where Risk t is the mass of pollutant delivered to the water body (kg ha yr 1 ), Source t is the mass of pollutant potentially available for mobilisation (kg ha yr 1 ), KMob t is the coef ﬁcient of mobilisation (dimensionless proportion between 0 and 1) and KDeli very t is the coef ﬁcient of delivery (dimensionless proportion between 0 and 1). CaRPoWs main utility is as a generic modelling framework in which modelling methodologies are implemented in the source and mobilisation components for each pollutant. The delivery component however is based on the same principles of hydrolog- ical connectivity for all pollutants. This largely stems from the fact that the movement of different pollutants beyond the ﬁeld scale is much less understood ( Haygarth et al., 2005 ), along with un- certainties over the accepted processes and complexities of hy- drological connectivity within the literature ( Bracken et al., 2013 ). One of the bene ﬁts of a generic modular modelling framework such as CaRPoW is that, as understanding of pollutant processes im- proves and better modelling methodologies are developed, the framework components can be updated.
introduced implications for government regulation and oversight. At the same time, the university was not fully public on the regulative (i.e., political authority) dimension, as funding from student tuition payments and private donations introduced private sources of funding and control. Students rated the university a 7 on the associative dimension. The university fosters a fair amount of horizontal engagement through collaboration with other organizations to achieve desired public outcomes. Partnerships were forged with local nonprofits, the municipal police department, and philanthropic organizations. For example, during numerous campus events, the municipal police department supplemented the university police’s efforts in providing public safety for the student and visitor populations. In terms of the cultural cognitive dimension, students ranked the university at a 6, due in large part to its level of engagement with the student population, faculty, alumni, and community stakeholders, mostly to gain insight into how the university could better meet the needs of service delivery clientele,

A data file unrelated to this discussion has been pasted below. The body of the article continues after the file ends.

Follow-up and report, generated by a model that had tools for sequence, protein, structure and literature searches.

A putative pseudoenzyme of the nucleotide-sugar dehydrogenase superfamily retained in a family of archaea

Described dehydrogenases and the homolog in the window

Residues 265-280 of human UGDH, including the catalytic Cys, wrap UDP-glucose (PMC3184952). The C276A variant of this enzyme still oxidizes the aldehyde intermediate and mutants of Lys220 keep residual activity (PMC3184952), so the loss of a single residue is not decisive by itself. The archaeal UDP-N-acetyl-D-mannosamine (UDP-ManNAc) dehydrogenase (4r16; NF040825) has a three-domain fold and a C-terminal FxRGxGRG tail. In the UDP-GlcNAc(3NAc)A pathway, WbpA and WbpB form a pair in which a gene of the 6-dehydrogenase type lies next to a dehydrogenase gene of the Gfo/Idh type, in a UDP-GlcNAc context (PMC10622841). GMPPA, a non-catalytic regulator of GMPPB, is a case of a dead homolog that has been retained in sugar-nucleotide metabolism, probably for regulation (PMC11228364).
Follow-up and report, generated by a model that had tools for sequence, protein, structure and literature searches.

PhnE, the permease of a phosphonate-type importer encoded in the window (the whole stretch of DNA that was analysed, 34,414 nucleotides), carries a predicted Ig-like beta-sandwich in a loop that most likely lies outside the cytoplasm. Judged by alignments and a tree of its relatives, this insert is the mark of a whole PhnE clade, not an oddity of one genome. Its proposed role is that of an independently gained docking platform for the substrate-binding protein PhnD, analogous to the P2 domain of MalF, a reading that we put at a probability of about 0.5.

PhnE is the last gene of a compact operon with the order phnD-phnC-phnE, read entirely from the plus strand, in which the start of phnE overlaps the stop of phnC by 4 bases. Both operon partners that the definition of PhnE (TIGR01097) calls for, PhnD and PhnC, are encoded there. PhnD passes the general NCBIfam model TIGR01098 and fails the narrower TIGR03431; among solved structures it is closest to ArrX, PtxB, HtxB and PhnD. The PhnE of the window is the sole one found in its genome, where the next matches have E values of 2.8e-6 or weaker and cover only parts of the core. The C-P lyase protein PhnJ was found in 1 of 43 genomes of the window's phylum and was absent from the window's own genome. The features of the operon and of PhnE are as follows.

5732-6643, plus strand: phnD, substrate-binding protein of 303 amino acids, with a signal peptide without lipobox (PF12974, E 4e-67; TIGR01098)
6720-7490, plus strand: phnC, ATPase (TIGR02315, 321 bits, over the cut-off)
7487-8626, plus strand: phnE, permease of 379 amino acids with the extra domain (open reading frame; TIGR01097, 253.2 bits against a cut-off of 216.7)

This study illustrated how framework is used as approach to investigate the OAI relates knowledge sharing. It highlights a detailed readiness knowledge sharing in OAI on framework. The perspective established from the framework in this study help to ensure OAI is relevant to scholar’s willingness. The Framework represents the views of the knowledge sharing, scholar and scholar’s participation of OAI in the research. The readiness focuses on the goal and objectives in the context to participate the OAI and the functional requirements of the willingness of Malaysia scholar’s participation of OAI. The data focus the types of research works, sharing documents and scholar criteria, as well as the description and publication of the research works. The scholars represent the scholars who participation of OAI. These identify the authors and the research works organization, status of scholars and their perspective roles, as well as their roles in the knowledge sharing. The process illustrate the activities scholars perform in the OAI, the conceptual model of knowledge sharing in OAI derived from the activities involved and the scholar modules. The network describes the sites or IR repository locations and the relations between knowledge sharing activities within the OAI. The scholars perspective describe scholars have been consistently concerned with the prestige of such journals and their peer review, which is not the case in practice. The knowledge sharing community perspectives that explain the scholar’s hindrance to the access and sharing of knowledge directly affects new insights, discoveries and developments. The OAI perspective illustrates of attempts make research findings freely available on the internet. The Time at the scholar describes the experience and publication of OAI, at the knowledge sharing community level describes the chronology of experiences indicating the processes that take place in the OAI, and at the OAI the processes in the make research articles available on the internet, which cause specific sharing data and knowledge sharing to take place.